Tuesday, May 29, 2007

Bilingual field experience #4

This one isn’t a field experience per se. Though I know the student and her family much better than any of the other kids I’ve discussed here. They are friends of mine. Their oldest girl is the student I observed. We’ll call her Gabby because that isn’t her name (or her temperament).

Gabby did three years of bilingual education in elementary school, and frankly, it was a year too much for her. She quickly learned English, partly because that was a priority for her parents. And she was a fine student all around.

They lived a few blocks from the library so Gabby would spend a lot of time there. She loved books. She would later volunteer at the library.

So, the school district wanted to have a Gifted Bilingual Program to meet the needs of students who were bright but still needed language support. They went to Gabby and her family and begged her to enroll in the program, even though she hadn’t been in a bilingual class for six years! The family refused. Their daughter had already been in a number of accelerated and gifted classes as a mainstream student.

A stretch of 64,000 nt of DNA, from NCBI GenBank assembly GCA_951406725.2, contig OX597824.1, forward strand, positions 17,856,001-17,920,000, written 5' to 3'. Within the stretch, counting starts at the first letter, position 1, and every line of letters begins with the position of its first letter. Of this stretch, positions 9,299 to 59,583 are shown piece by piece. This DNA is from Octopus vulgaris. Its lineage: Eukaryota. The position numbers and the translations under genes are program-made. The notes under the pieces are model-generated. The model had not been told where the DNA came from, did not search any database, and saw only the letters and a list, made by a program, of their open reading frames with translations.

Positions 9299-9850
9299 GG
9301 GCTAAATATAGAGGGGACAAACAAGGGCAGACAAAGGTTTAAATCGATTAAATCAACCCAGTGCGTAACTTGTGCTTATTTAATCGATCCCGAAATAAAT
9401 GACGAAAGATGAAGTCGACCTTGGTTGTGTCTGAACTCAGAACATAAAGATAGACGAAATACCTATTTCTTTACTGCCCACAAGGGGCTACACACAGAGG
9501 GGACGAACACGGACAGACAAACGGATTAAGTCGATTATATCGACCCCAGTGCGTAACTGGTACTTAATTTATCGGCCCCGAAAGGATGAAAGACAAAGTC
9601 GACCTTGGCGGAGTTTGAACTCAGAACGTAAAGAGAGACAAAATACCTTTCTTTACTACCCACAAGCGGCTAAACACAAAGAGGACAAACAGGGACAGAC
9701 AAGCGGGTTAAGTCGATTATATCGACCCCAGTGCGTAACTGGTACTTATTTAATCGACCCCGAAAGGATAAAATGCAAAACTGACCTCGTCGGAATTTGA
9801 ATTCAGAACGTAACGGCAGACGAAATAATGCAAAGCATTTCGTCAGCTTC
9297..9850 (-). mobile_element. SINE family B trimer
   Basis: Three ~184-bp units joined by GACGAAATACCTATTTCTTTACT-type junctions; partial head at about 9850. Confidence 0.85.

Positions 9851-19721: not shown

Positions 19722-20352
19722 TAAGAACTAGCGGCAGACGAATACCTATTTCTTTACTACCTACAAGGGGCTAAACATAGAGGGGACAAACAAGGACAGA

The district continued to beg, saying that she would be an asset to the program. But the family held firm. Gabby held firm. She was part of the regular program and doing well. Why would she want to go back to bilingual anything? (To make the district look good, that’s why!)

Gabby went on to an international studies program in her high school and was later accepted at a well-respected university. Gabby is doing just fine, thank you.

The moral of this story is that school districts sometimes do self-serving things, even if it isn't for the benefit of the student. Parents need to be firm if they feel their child is being used by the system.

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